Scientific Research Project Title

Hypothalamic plasticity in obesity

Research Institution

University of Copenhagen

Novo Nordisk Foundation Center for Basic Metabolic Research, The Faculty of Health and Medical Sciences, University of Copenhagen (host institution) 


Genetics, metabolism, neuroscience


Phone: +45 3029 4903

Research leader

Tune H Pers

PhD, Associate professor, born 1980

Project title

Our plastic brain and its ability to adapt to an obesogenic environment

What is your project about?

Genetic association studies have identified hundreds of genetic loci associated with obesity, however, our limited understanding of how these genetic variants modify susceptibility to obesity remains obscure. This proposal leverages large-scale human genetics and mouse single cell gene expression data to improve our understanding of how the nervous system regulates susceptibility to obesity.

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How did you become interested in your particular field of research?

Ever since I worked as a student helper at Thorkild I.A. Sørensen’s Institute of Preventive Medicine during my bioinformatics Master of Science studies at University of Copenhagen, I have been curious to understand why some of us develop obesity while others do not and why it is almost impossible to maintain a given weight loss over time.  The possibility to use computational biology, human genetics and neuroscience techniques to understand how the brain regulates our body weight is incredible exciting and meaningful.

What are the scientific challenges and perspectives in your project?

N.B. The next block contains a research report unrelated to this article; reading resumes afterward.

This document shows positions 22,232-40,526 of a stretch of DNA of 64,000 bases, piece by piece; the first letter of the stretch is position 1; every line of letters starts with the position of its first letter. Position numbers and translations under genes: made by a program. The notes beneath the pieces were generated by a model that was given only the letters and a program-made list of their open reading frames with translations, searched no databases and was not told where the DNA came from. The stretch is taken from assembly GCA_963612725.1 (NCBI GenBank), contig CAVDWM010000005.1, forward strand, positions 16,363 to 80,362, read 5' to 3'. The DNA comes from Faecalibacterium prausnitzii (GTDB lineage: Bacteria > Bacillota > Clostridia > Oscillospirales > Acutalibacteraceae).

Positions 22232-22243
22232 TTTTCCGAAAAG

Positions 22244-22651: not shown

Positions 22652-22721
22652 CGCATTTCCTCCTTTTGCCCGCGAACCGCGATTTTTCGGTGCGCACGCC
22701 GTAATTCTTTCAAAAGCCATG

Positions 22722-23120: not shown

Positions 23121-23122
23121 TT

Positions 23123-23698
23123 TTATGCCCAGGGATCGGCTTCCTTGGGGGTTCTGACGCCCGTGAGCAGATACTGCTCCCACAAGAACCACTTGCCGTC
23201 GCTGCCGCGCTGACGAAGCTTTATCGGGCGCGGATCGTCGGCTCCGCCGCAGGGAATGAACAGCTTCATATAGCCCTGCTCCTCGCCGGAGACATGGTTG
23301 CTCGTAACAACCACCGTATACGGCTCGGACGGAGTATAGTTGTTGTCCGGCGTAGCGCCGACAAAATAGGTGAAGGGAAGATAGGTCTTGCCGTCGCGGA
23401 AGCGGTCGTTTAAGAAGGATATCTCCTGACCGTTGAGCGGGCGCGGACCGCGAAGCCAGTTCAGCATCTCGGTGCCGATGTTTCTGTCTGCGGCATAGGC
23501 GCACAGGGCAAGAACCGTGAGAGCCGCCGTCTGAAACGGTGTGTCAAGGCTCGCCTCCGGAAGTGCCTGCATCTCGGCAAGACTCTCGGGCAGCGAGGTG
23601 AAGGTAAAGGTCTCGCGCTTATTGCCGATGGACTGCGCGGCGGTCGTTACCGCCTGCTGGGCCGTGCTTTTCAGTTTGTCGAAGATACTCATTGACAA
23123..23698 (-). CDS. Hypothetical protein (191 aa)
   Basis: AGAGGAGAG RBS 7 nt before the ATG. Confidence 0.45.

A key challenge is to identify the parts of the brain modulating susceptibility to obesity. Research addressing that question is typically being based on work in rodents, however, it may not be obvious whether the results from these analyses are relevant in human obesity.  We use human genetics data to bridge this gap; we look for genetic networks impacting obesity in mice while at the same time comprising genetic variants linked to obesity in humans.  If successful, our work would strengthen the knowledge foundation needed to design more effective studies on how environmental factors modulate susceptibility to obesity in humans.

What is your estimate of the impact, which your project may have to society in the long term?

If successful, this research project has the potential to provide further evidence that the obesity epidemic is best reversed by directly or indirectly targeting the brain through preventive measures and treatments.  Also, further evidence on how the brain regulates susceptibility to obesity could help to reduce the prevailing stigma that obesity is a consequence of gluttony rather than dysregulation of central biological processes in the brain.

Which impact do you expect the Sapere Aude programme will have on your career as a researcher?

The Sapere Aude programme will help me to carry out key research ideas I have been developing throughout the last two years.  Moreover, I regard the Sapere Aude programme as one of the finest and most prestigious starting grants in Denmark and I am certain that it will further the international consolidation of my research group as well as strengthen my academic research career.

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Background and personal life

Apart from spending my spare time together with my wife, Benedicte, and our two young sons, Johan and Erik, I currently enjoy reading fiction and listening to classical music, especially operas, which remind me of my time at the Royal Danish Opera where I had walk-on parts in several operas and ballets.  I do also enjoy being part of the Young Academy which is part of the Royal Danish Academy of Sciences and Letters and an endless source of interdisciplinary inspiration and conducive discussions on research politics.

City of current residence:
Jægersborg, Gentofte municipality

High school:
Duborg skolen (Flensborg, Tyskland)